Jennifer MuellerVice President, Info. Center; Privacy Officer608-274-1820EMAIL: Jennifer Mueller
The WHA Information Center analyzed inpatient and emergency department claims in Wisconsin from 2018-2021 to see how Alzheimer’s affects hospital patients in the state. More than 40% of all Alzheimer’s-related visits made during that time were from people between the ages of 81 and 90. The average age of patients was 79. There was no difference in visits between genders, which is on trend with national data. Neither gender is more likely to develop Alzheimer’s or other forms of dementia than the other.
The Alzheimer’s Association states that worldwide, there are more than 55 million people who are living with Alzheimer’s or some other form of dementia. In 2020, according to the Centers for Disease Control and Prevention (CDC), as many as 5.8 million Americans were living with Alzheimer’s disease. The CDC expects that number to climb to about 95 million by 2060.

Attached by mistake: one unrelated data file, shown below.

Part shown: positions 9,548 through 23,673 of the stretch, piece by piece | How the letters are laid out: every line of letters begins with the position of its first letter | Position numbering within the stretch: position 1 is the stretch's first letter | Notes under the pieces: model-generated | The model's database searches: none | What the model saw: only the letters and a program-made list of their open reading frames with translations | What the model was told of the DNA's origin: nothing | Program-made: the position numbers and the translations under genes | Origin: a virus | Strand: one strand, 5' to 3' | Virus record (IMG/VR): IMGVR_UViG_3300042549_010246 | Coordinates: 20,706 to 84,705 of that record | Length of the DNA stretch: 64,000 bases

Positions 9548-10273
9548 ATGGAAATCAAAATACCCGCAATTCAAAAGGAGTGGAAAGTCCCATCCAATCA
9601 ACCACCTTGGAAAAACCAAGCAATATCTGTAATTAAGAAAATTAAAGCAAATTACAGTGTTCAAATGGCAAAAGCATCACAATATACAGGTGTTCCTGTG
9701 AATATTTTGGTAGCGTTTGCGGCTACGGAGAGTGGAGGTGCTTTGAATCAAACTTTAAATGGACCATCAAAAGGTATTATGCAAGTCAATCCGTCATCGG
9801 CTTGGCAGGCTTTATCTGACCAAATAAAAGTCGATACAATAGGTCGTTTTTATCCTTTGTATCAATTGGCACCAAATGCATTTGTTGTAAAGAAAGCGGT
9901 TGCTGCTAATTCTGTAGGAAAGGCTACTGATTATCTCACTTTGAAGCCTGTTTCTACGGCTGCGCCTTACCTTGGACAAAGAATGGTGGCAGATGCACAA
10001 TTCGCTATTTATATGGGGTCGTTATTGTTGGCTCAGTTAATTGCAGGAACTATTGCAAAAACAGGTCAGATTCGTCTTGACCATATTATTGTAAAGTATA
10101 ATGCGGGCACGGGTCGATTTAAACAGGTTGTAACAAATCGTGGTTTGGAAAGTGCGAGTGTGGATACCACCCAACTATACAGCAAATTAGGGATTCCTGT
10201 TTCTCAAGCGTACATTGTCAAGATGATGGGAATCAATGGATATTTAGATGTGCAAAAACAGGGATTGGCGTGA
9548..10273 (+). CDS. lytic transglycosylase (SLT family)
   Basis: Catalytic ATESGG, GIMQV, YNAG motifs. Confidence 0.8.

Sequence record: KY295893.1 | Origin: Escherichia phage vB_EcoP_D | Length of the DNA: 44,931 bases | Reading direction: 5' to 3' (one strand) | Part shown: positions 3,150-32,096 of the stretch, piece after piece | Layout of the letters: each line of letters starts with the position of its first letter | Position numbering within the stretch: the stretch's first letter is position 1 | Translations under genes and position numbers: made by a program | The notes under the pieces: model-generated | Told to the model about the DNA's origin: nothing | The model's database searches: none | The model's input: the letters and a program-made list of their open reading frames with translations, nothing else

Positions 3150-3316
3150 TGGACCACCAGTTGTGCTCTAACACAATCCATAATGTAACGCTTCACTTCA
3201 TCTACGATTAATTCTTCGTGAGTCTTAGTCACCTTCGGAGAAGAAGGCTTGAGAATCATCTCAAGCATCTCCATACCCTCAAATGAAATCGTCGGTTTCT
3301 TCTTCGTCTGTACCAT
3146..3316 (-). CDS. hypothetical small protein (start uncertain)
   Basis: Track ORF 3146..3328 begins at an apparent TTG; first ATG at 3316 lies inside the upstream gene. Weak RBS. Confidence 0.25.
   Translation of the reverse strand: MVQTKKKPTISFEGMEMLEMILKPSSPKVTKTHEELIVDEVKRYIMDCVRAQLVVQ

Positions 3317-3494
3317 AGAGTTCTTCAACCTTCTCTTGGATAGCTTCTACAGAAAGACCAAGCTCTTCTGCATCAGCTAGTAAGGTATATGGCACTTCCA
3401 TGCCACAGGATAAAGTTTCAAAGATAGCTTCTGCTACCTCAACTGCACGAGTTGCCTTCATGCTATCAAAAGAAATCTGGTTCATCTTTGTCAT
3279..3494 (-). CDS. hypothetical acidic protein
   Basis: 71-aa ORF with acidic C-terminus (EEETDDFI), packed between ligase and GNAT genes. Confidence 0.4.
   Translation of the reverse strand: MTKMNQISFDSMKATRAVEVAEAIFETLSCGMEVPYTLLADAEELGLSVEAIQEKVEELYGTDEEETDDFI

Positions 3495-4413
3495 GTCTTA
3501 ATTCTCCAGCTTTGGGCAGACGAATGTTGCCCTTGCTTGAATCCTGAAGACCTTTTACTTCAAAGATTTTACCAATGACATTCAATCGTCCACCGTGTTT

WHA’s 2022 Wisconsin Health Care Workforce Report shows that an aging workforce combined with a spike in worker departures associated with nationwide employment disruption dubbed the “Great Resignation” created unprecedented levels of vacancy rates in health care professions in 2021.
The WHA Information Center (WHAIC) provides actionable information to increase the efficiency and effectiveness with which Wisconsin hospitals provide care to their communities. And the latest WHAIC data resource—the Community Health Needs Assessment (CHNA) Mapping Tool—is no exception.
The Guide to Wisconsin Hospitals provides detailed information about each hospital in Wisconsin. For each hospital, the publication provides selected measures of utilization, service, staffing and finance.